Court rules agencies must follow air tour rules for parks

HILO — A federal court ordered two government agencies to comply with existing regulations in response to a lawsuit seeking air tour management plans for Hawaii Volcanoes National Park and Haleakala National Park.

The U.S. Court of Appeals for Washington, D.C., ordered the Federal Aviation Administration and National Park Service to produce a schedule for bringing 23 national parks into compliance with the Air Tour Management Act of 2000, The Hawaii Tribune-Herald reported Saturday.

The federal legislation requires vendors conducting commercial air tours over national parks and certain tribal lands to obtain a permit from the FAA.

The legislation mandated the FAA and park service establish air tour management plans that can prohibit or place conditions on the aerial tours.

The Hawaii Island Coalition Malama Pono and the Public Employees for Environmental Responsibility filed the lawsuit seeking an injunction.

Hawaii Volcanoes National Park and Haleakala National Park reported the highest and fourth-highest, respectively, number of commercial air tours in the nation in 2018, a park service report said.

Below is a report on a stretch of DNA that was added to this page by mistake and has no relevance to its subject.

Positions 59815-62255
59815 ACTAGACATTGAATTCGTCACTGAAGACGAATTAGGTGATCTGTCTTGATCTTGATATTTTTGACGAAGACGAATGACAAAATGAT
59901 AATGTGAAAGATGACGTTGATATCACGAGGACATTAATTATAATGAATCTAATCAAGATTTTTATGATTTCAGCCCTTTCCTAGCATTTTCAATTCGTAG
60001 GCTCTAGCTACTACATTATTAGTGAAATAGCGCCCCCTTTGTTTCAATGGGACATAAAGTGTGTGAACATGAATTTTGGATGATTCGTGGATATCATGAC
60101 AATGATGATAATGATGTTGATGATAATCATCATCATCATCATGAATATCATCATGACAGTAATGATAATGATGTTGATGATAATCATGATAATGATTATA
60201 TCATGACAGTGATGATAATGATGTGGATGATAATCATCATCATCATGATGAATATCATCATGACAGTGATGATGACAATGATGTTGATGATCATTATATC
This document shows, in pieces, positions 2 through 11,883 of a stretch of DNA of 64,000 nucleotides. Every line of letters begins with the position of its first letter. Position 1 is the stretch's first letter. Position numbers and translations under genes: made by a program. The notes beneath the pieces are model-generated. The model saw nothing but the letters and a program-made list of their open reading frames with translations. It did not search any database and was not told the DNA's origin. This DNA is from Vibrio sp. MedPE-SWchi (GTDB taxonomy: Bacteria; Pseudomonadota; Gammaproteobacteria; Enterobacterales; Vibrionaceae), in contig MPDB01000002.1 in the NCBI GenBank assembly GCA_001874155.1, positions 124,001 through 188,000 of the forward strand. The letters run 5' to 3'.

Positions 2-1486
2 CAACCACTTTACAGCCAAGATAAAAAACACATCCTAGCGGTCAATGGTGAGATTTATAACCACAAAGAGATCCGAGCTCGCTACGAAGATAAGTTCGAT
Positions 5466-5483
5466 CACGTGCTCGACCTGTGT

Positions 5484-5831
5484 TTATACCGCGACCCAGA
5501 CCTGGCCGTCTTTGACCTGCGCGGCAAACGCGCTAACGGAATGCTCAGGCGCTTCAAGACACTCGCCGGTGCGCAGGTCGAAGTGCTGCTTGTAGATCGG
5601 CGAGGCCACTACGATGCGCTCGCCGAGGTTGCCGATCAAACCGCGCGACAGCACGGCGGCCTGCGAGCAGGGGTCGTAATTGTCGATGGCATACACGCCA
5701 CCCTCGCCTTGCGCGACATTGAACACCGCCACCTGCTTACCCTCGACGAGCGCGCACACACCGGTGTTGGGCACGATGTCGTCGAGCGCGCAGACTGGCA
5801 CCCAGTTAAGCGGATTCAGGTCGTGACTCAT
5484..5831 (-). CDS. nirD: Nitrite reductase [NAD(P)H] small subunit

“This case arises out of the underwhelming — and ultimately unsuccessful — efforts of the (FAA) and National Park Service to regulate commercial sightseeing flights over national parks,” Circuit Judge Thomas Griffith wrote in the ruling.

The agencies argued the legislation’s timeline to establish management plans is “aspirational.”

Griffith wrote that a lack of a specific deadline does not enable officials to ignore legal obligations.

“Left to their own devices, the agencies have failed to comply with their statutory mandate for the past 19 years,” Griffith wrote.

Bob Ernst, founding board member of Hawaii Island Coalition Malama Pono, said “a little nonprofit” should not have been needed to bring about regulation of flying tours over the state’s parks.

“Our congressional delegation should have done it. Our governor should have done it. Our mayor should have done it,” Ernst said.

Democratic U.S. Rep. Ed Case of Hawaii praised the ruling, saying the agencies had not complied with the legislation for decades.

“In that period, the destruction of our national parks from virtually unregulated air tours has worsened exponentially,” Case said.

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